Up to a thousand supporters of US intelligence leaker Edward Snowden are expected to stage a protest in Hong Kong on Saturday to call on the government to protect him, organisers told AFP.
The protesters, set to include lawmakers, will march first to the US consulate and then government headquarters, urging the administration of the semiautonomous territory to not extradite the former CIA technical assistant who blew the lid on a vast electronic surveillance programme.
"We should protect him. We are calling on the HK government to defend freedom of speech," Tom Grundy, a rally spokesman said Wednesday.
"We don't know what law he may or may not have broken but if Beijing has a final say, they don't have to extradite him if he is a political dissident," he told AFP.
The city of seven million has maintained a degree of autonomy since its handover to China in 1997 but its mini constitution, the Basic Law, stipulates that Beijing has control over affairs related to defence and foreign affairs.
Officials of the territory and the US signed an extradition treaty a year before the city was handed over from Britain to China in 1997, but victims of political prosecution are not covered.
The treaty, signed with Beijing's "authorisation", also gives a right of refusal should extradition impinge on the "defence, foreign affairs or essential public interest or policy" of China.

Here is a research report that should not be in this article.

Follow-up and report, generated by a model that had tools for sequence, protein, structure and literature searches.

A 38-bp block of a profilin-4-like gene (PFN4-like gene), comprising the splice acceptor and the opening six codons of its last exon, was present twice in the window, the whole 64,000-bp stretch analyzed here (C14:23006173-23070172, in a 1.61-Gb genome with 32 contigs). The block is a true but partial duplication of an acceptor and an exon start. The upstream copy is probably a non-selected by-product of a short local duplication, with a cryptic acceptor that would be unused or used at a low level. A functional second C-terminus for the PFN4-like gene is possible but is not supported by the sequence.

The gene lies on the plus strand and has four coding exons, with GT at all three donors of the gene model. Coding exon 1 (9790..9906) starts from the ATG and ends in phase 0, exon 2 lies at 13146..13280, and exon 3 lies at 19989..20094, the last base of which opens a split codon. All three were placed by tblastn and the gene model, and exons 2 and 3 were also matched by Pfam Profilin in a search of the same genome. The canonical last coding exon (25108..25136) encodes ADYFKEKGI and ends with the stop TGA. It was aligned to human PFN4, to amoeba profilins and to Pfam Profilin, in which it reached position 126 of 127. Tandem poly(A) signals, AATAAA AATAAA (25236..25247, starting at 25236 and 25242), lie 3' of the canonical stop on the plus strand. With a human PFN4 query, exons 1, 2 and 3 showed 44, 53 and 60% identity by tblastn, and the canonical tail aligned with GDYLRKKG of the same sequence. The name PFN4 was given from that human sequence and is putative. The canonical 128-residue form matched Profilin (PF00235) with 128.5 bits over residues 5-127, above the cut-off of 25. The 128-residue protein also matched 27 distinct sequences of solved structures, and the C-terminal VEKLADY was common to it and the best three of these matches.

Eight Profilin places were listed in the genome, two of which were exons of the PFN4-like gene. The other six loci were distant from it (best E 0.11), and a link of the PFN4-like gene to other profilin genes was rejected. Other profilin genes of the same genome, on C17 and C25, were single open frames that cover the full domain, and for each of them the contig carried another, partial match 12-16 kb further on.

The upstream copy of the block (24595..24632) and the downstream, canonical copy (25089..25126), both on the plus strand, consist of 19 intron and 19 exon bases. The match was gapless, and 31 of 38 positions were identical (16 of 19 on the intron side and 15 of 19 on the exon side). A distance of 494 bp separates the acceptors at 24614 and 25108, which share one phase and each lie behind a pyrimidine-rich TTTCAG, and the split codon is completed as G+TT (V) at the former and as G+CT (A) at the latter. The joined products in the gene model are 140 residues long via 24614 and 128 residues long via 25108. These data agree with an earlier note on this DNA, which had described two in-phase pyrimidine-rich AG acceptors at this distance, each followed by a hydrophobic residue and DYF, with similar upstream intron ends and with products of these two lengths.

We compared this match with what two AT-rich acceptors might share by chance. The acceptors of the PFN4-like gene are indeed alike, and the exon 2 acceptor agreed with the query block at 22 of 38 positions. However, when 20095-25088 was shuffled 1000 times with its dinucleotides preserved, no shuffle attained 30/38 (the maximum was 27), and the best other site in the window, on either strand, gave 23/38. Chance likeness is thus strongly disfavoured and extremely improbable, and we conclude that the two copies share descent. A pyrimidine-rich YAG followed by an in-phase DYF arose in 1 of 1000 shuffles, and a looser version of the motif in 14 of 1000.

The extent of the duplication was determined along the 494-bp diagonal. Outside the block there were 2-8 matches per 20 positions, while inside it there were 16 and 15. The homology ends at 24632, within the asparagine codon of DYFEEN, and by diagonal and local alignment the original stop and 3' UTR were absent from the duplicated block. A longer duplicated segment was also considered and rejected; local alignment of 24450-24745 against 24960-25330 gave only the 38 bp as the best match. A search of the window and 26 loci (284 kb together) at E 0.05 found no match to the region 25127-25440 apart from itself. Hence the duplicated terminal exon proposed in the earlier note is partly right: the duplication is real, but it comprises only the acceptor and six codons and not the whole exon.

The 29-year-old Snowden identified himself as the source of the leak about a secret US Internet Surveillance programme over the weekend.
He said in a video interview from Hong Kong posted on website of The Guardian newspaper Sunday that he chose the city as a refuge because of its "strong tradition of free speech".
Since then, he has managed to evade journalists hunting him down and apparently checked out of his Hong Kong hotel on Monday.
The Hong Kong-based Apple Daily newspaper reported Wednesday the city's immigration department had no records of Snowden leaving the territory, citing unidentified sources, while the Guardian said: "It is thought he is now in a safe house."
Grundy told AFP that he expected a "four-figure" turnout on Saturday.
"We have got different groups involved. Everyone is welcome," Grundy said.
Several lawmakers have agreed to take part in a discussion forum following the protest, including prominent pro-democracy politician Albert Ho, according to Grundy.